Crime

Neighbors chase suspects after reported kidnapping attempt in Carolina Forest

Carolina Forest residents chase alleged kidnappers

Residents of a Carolina Forest neighborhood chased an SUV with masked men, who reportedly tried to kidnap two children on Monday night. Barbara Horn said her son and his friend were walking home from the community pool when the SUV pulled alongsid
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Residents of a Carolina Forest neighborhood chased an SUV with masked men, who reportedly tried to kidnap two children on Monday night. Barbara Horn said her son and his friend were walking home from the community pool when the SUV pulled alongsid

Clarification: An earlier version of this story stated the children were walking home from the pool. The children were walking back from a community center that includes a pool and playground.

Residents of a Carolina Forest neighborhood chased a sports utility vehicle with masked men, who reportedly attempted to kidnap children Monday night.

Barbara Horn, who lives in Plantation Lakes, said her 10-year-old son and his 11-year-old friend were walking home from the neighborhood’s community center about 7:50 p.m. when a black Yukon SUV rolled up alongside them.

The men reportedly said “get in the car boy” and followed the children, who started to run.

A police report states there were four males in the SUV, and that a man wearing a pink mask got out of the vehicle at one point, then got back inside before speeding off.

The children ran to the first adult they saw, who happened to be a friend of the family, and someone who once was a police officer. Residents then began chasing the SUV at high speed down Carolina Forest Boulevard, Horn said.

“They went through The Farm at like 50 miles per hour,” she said. The incident report states the suspects were racing through the neighborhood, trying to lose the residents following them.

The chase bottomed out at a nearby gas station on River Oaks Drive where the people following the suspects confronted them, as the suspects were starting to get gas, a police report states. The suspects fled when the residents chasing them told them police had been called, but they were able to get their license plate information before the suspects left, Horn said.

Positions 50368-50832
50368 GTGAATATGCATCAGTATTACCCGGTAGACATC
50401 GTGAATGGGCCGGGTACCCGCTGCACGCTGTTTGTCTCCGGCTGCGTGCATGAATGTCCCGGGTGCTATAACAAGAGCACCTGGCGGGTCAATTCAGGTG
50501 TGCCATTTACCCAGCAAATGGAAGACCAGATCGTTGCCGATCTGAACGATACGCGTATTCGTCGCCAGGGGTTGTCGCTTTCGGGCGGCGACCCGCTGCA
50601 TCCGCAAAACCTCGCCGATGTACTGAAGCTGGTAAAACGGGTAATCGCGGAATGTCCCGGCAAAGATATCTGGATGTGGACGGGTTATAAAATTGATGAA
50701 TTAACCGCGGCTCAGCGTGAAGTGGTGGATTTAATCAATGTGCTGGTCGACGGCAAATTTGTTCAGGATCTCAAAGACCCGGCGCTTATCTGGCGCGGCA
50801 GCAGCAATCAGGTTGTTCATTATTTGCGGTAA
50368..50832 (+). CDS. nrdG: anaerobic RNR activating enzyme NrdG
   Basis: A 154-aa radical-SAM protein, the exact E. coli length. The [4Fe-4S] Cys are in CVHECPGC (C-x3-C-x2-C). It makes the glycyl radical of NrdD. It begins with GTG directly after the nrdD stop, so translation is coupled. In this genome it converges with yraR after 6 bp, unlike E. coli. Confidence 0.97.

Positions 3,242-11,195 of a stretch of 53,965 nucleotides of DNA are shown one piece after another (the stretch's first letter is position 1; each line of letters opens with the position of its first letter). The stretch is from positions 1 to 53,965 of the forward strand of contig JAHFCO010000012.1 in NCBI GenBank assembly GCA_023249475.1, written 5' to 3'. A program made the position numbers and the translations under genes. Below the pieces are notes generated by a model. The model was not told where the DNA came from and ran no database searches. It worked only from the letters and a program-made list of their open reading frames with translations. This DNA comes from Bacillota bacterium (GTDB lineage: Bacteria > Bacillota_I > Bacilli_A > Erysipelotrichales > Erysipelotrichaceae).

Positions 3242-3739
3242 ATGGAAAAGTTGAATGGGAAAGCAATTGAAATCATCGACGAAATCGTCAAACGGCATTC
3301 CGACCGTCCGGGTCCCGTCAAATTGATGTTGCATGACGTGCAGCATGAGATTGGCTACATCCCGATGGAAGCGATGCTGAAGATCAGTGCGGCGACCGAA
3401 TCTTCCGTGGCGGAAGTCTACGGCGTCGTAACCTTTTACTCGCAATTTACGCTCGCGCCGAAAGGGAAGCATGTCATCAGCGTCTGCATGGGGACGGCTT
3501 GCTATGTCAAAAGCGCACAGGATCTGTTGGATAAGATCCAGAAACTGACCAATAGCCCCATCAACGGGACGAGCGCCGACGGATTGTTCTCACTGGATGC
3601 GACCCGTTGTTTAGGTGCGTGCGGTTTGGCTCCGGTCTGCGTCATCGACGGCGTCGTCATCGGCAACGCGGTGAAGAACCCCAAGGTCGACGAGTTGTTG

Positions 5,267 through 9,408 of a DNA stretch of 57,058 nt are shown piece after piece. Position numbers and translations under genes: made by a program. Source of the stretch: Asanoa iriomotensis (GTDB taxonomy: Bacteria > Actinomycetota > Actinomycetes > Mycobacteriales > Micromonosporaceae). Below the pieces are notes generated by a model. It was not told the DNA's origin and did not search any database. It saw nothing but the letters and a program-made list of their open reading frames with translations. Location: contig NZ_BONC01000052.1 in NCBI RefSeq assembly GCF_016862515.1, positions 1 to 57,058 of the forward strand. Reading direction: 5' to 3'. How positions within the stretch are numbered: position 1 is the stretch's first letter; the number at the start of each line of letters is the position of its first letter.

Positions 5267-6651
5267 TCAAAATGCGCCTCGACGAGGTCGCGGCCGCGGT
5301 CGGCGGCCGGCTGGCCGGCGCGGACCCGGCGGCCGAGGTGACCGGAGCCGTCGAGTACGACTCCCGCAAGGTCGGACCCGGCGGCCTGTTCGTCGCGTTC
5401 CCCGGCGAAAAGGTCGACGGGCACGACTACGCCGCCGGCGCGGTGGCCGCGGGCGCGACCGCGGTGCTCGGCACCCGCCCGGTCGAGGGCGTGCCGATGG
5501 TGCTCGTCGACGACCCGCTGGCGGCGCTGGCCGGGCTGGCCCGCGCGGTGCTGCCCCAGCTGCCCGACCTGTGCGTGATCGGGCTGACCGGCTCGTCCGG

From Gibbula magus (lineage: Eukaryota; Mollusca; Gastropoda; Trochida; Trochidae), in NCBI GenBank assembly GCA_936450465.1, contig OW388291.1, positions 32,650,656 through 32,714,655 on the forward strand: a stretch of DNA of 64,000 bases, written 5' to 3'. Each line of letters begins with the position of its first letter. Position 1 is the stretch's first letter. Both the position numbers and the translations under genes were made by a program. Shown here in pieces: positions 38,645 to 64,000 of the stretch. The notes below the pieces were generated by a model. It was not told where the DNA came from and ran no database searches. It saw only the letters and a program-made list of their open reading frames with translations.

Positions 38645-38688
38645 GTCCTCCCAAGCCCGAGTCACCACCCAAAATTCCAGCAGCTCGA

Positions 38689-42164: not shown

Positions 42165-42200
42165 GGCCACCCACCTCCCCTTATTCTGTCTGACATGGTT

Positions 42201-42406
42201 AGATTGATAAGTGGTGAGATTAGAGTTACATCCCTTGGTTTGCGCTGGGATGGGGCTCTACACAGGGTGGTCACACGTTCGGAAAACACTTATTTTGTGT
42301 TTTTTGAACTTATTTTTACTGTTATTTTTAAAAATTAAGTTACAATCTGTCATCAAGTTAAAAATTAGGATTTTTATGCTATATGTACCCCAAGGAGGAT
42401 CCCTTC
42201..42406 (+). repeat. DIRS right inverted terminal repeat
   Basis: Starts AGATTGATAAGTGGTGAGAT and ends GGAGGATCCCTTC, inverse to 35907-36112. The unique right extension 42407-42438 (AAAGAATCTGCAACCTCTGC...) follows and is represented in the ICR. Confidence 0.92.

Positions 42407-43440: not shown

She said herself and others also chased after them.

“We all took off in different vehicles, and now that I know my son was safe at home with other people, we all took off, because what if they have another kid,” Horn said.

She said she didn’t know of any children being reported missing from the neighborhood or others nearby. She said once she posted information about the incident to the neighborhood’s Facebook page, other residents reported that the alleged kidnappers threw rocks at another girl in the neighborhood, and others reported kidnapping attempts too, she said.

The incident report states a 13-year-old and 7-year-old boy were playing football outside a home on a different Plantation Lakes street when the black SUV drove up to them. The 13-year-old told police the suspects were masked by bandanas, and told the boys “Come get inside,” the report says. One of the suspects opened the door and got out, but then got back inside the SUV, then sped off, police said.

Officers found a home address after learning the plate number, but no one was at the house when they visited there, according to Horn, who said authorities are still investigating. A police report lists some information for one of the suspects, who’s listed as 15 years old, but the suspect’s name has been redacted. Officers noted they would continue to check the home in the report.

Krystal Dotson, Horry County police spokeswoman said no information on the suspect will be released as an arrest had not been made as of Tuesday afternoon.

Horn said she has lived in the neighborhood for a little more than a year and has never heard of any similar incidents happening there or close by.

“It’s terrifying. ... What I think is that people really need to educate their kids about ... I hate to use the word stranger danger, but that’s what it is ... Someone tells you not to scream, the first thing you do is scream your head off,” she said.

Going forward, she said the neighborhood should meet to discuss whether they should adopt new safety measures.

“We need to really have a meeting and figure out what to do, but most importantly educate every child about what to do when this kind of thing happens,” Horn said.

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